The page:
can enjoy the present, as cool winds flow
through charming patios and gardens.

The Hotel de la Cité, a five star hotel in the
heart of the castle, was a former abbey and
is managed with a charm and eccentricity
appropriate to the site. You can savor lunch
or dinner at one of its restaurants, Chez
Saskia, a narrow brasserie that protrudes
into an intersection of cobbled streets. The
building feels as if it had grown there
as an offshoot of the abbey, when the
castle population expanded in the early
part of the last millennium. The meals
there showcase the huge variety of fresh
ingredients available in the region. On the
patio behind the hotel, you can enjoy
Blanquette de Limoux, a sparkling wine
from the region that historians believe
to be older than the more well-known
champagne. This gives the region a claim
to the invention of sparkling white wines,
preceding Dom Perignon, the monk who
made a splash in the Champagne region
with his eponymous fizz. It is probably
no coincidence that Dom Perignon was
stationed in a cloister in the Languedoc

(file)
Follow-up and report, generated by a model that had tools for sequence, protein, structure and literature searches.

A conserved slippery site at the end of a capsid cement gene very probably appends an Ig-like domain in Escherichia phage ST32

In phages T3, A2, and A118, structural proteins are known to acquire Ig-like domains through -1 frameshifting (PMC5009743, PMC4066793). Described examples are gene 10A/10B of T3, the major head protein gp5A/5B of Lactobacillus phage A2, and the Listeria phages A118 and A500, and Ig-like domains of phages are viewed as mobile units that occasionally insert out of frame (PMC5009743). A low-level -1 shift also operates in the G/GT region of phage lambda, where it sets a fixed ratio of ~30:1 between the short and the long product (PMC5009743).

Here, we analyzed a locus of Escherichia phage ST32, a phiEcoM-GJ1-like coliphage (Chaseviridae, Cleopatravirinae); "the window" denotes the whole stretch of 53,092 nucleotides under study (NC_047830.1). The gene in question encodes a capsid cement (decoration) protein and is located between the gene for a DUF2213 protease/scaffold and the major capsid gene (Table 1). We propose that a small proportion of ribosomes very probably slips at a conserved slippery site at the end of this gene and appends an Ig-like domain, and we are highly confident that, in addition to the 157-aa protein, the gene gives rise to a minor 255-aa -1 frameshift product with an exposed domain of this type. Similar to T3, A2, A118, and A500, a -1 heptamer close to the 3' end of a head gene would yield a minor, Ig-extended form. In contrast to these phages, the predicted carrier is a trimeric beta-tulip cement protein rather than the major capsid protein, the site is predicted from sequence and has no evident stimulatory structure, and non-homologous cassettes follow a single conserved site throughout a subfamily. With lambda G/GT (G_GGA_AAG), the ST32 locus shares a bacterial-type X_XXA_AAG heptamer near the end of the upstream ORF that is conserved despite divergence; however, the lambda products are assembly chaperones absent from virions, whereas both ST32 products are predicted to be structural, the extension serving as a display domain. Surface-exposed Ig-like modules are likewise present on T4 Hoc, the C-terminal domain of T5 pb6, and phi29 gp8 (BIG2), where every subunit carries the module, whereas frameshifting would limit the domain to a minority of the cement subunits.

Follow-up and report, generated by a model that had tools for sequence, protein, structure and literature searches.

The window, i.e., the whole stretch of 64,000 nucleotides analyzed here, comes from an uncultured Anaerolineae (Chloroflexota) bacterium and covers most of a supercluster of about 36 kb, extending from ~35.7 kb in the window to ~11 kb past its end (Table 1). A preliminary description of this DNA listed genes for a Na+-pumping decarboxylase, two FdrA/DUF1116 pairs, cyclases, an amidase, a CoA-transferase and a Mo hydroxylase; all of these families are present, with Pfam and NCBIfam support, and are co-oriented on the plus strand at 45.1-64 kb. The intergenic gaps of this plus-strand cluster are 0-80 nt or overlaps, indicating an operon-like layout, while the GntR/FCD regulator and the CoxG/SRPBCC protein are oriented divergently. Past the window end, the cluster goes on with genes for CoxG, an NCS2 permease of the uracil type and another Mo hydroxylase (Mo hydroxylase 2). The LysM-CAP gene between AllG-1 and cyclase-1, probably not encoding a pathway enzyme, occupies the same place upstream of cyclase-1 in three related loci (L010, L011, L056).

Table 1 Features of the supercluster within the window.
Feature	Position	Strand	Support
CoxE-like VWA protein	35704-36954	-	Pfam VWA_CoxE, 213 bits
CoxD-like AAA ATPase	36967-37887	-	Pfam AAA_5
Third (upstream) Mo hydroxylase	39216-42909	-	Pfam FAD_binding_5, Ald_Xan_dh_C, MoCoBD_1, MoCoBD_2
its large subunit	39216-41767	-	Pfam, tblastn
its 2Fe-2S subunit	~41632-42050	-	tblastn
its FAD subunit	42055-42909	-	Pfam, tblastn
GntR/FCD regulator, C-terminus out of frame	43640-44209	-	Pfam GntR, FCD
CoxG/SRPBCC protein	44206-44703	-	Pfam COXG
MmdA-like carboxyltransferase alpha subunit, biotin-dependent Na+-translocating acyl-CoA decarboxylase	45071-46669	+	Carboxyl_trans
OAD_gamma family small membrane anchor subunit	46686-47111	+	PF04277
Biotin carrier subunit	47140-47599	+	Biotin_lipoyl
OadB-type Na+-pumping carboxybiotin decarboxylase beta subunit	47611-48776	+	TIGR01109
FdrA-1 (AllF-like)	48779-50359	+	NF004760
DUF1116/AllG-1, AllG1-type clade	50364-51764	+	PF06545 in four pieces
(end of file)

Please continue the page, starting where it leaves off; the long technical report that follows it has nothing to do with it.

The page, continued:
before he moved to the monastery in the
Champagne region of France. Records
show that a few bottles of white wine in the
cellar had a surprising amount of bubbles
in them in 1531, when this discovery led the
monks of Limoux to perfect the process
of making their centuries-old sparkling
wine.

While certain microclimates like Limoux
are perfect for growing the white grapes
that go into Blanquette de Limoux, the
Languedoc-Roussillon region is best known
for its rich red wines, such as the ones
produced at O’Vineyards, an estate near
Carcassonne in the foothills of la Montagne
Noire, which my parents, Liz and Joe, own
and operate with me. Due to the vineyard’s
unique position in the region’s Atlantic
Corridor, we have been able to create bold,
fresh wines with varietals like Merlot
and Cabernet Sauvignon, which are
traditionally found in wine regions with
cooler climates, such as Bordeaux.

[photo caption]
The vineyards in the Languedoc-
Roussillon region enjoy winds from the
Mediterranean to the east and cool
breezes from the Atlantic to the west.

[photo caption]
The tasting room at O’Vineyards
has a relaxed, hospitable feeling
that allows guests to linger and
savor the winery’s offerings.